Despite a monster two-year-old campaign which saw her win eight of nine outings, American Jewel was the runner-up in year-end balloting for divisional honours to Crown winner Economy Terror.

Saturday night, she was able to best that rival and her other peers with a perfect trip from third, before being tipped out for the stretch drive, as she first went by Economy Terror and then had more than enough in reserve to hold the closers at bay.

Last week, American Jewel gutted out a nose decision over Economy Terror in her 1:52.3 elim to allow her connections a choice of post positions (post four) for the final, while Romantic Moment took the other elim in a slightly faster 1:52.1.    Both elim winners were trained by Jimmy Takter for Brittany Farms.

“(In last week’s elim) My mare needed a good braven-up trip and she got it,” explained Tetrick.  “She really responded well off that. I’m just really tickled with this mare. She deserves a Breeders Crown. She got hurt last year and didn’t make it, but she made up for it tonight.  I knew there were some good horses behind me and I was first up into the wind. You never know. My mare raced great. She held them off and she’s a champion.”

It was Romantic Moment who first burst to the front, taking the field through a :26.2 opening  quarter, before Economy Terror took over before the half in :54.4, and still led through a 1:23.3 three-quarters before being collared in early stretch and fading to seventh.

With the $250,000 winning pot, American Jewel now boasts career earnings of $1,771,773 for her owner and breeder, Brittany Farms of Versailles, Kentucky.

Sent postward the 8-5 choice, American Jewel returned $5.30, $3.60 and $2.80, combining with Shelliscape ($7.50, $4.50) for a $33.20 (4-5) exactor.  A 4-5-2 (Big Mcdeal, $10.10 to show) triactor paid $355, while a $1 superfecta [4-5-2-3 (Romantic Moment)] came back $839.65.

Chapter Seven wins Breeders Crown $600,000 Open Trot

Nothing worthwhile should come easy, and it didn’t for Chapter Seven who despite being parked from the start, gamely wore down international star Commander Crowe to capture the $600,000 Breeders Crown Open trot at Woodbine.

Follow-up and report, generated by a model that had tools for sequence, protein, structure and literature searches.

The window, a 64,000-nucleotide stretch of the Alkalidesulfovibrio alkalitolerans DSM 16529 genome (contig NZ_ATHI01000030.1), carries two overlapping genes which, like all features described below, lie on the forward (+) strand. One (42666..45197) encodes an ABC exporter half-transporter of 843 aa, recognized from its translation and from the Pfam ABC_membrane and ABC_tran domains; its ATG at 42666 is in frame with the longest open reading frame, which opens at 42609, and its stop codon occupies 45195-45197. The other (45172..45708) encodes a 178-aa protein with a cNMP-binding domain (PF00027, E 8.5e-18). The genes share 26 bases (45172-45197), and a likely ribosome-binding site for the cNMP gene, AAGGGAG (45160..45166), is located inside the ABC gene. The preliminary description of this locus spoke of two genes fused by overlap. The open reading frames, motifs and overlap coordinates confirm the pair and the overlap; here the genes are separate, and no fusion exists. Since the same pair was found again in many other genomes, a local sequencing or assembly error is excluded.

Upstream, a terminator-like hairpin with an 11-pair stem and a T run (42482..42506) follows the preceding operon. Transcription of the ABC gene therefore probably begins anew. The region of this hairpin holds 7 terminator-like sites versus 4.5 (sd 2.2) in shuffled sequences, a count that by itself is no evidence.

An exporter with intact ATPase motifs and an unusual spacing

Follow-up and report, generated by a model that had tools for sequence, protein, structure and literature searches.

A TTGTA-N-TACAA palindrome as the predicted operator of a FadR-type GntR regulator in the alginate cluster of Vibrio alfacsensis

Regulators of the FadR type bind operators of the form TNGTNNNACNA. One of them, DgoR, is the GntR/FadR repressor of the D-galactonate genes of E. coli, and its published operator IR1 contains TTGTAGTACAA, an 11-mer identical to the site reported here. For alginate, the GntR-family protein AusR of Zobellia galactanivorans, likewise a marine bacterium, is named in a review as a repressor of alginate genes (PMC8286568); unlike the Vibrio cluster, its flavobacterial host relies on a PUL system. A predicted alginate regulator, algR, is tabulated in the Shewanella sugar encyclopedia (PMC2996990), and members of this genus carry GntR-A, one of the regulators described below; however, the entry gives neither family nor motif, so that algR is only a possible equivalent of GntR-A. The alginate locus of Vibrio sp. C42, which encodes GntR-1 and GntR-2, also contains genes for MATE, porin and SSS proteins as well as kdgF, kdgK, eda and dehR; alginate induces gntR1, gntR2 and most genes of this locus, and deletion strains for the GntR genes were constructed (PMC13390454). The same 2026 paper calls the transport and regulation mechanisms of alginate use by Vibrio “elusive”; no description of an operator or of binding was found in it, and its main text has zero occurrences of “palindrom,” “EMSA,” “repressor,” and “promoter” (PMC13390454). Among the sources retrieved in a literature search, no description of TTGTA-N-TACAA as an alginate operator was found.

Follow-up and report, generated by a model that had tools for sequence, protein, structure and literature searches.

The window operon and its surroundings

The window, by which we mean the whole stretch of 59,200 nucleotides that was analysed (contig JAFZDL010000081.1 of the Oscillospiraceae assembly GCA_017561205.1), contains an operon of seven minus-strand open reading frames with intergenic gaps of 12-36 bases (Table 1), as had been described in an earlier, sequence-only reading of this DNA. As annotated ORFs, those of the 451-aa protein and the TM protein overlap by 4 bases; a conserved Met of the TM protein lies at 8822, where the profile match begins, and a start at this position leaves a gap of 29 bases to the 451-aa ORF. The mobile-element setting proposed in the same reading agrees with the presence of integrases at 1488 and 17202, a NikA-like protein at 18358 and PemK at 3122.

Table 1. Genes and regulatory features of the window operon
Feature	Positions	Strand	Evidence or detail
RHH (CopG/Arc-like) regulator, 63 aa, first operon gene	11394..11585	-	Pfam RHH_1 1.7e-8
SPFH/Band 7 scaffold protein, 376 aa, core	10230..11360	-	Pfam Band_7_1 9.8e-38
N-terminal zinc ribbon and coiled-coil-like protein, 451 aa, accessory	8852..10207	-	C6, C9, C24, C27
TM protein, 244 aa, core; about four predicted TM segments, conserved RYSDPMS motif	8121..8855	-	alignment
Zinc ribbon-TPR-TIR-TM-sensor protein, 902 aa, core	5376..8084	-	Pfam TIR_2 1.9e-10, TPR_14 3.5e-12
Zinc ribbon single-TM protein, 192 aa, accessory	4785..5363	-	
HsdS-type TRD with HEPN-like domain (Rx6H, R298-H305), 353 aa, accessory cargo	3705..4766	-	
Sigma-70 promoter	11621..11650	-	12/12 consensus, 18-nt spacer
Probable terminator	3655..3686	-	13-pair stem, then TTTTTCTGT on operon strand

The race developed much as expected with Mister Herbie, Commander Crowe and Chapter Seven all leaving sharply for early position. Elitlopp winner Commander Crowe and driver Cristophe Martens showed their hand early gaining the front from Mister Herbie before the first turn. Chapter Seven and Tim Tetrick found out quickly that Martens had no intention of yielding the lead, at least in the early stages.

Tetrick took his medicine kindly keeping his horse interested on the outside while Commander Crowe marched to intense fractions of :27 2/5 and :55 4/5. During the battle Tetrick sat chilly while Martens continually went to the whip to urge his nine-year-old gelding on.

Despite the “good” surface the fractions remained strong on the far turn with Ccommander Crowe hitting the three quarters in 1:24 3/5 with Chapter Seven on his flank. Third-choice Mister Herbie was in the pocket without room while Arch Madness was second over struggling to keep with his cover.

In the homestretch Chapter Seven was still trotting and by midstretch he appeared to be wearing down the foreign-invader Commander Crowe.

Mister Herbie was able to squeeze in tight quarter between horses but his momentum was too late to get near Chapter Seven settling for second with a tired Commander Crowe finishing third.

The 1:52 3/5 effort was most impressive given the tiring nature of the racing surface.

Trainer Linda Toscano was jubilant in the winner’s circle following Chapter Seven’s second consecutive Breeders Crown title. “I can’t dream this big,” she said. “Without question he’s the best horse I’ve ever had. The trainer continued. “I didn’t know that he could do that (race parked the mile) but as long as he has a target he wants to go past.”

The victory for Chapter Seven was his seventh of the year in nine starts and elevated his four-year-old earnings to $927,700. Richard Gutnick, Southwind Farm and Jerry and Theresa Silva own Chapter Seven. Chapter Seven was bred by Richard Banca.

The victory was worth $3.50 to win on a $2 wager with the exacta with Mister Herbie for second paying $8.


Somwherovrarainbow delivers in Two-year-old Filly Pace

Ken Weingartner for Harness Racing Communications

TORONTO, October 27 – Somwherovrarainbow, driven by Andy Miller, delivered an off-the-pace score for trainer George Teague Jr. in the $600,000 Breeders Crown Two-year-old Filly Pace on Saturday night at Woodbine.

The daughter of Somebeachsomewhere-Rainbow Blue got away fifth behind UF Dragons Queen (David Miller), who clocked the opening panel in :27.  From third, L Dees Lioness (Scott Zeron) was the first to make a bid for command. As soon as L Dees Lioness cleared, a second-over I Luv The Nitelife (Jack Moiseyev) took the lead, putting up the half in :55.2.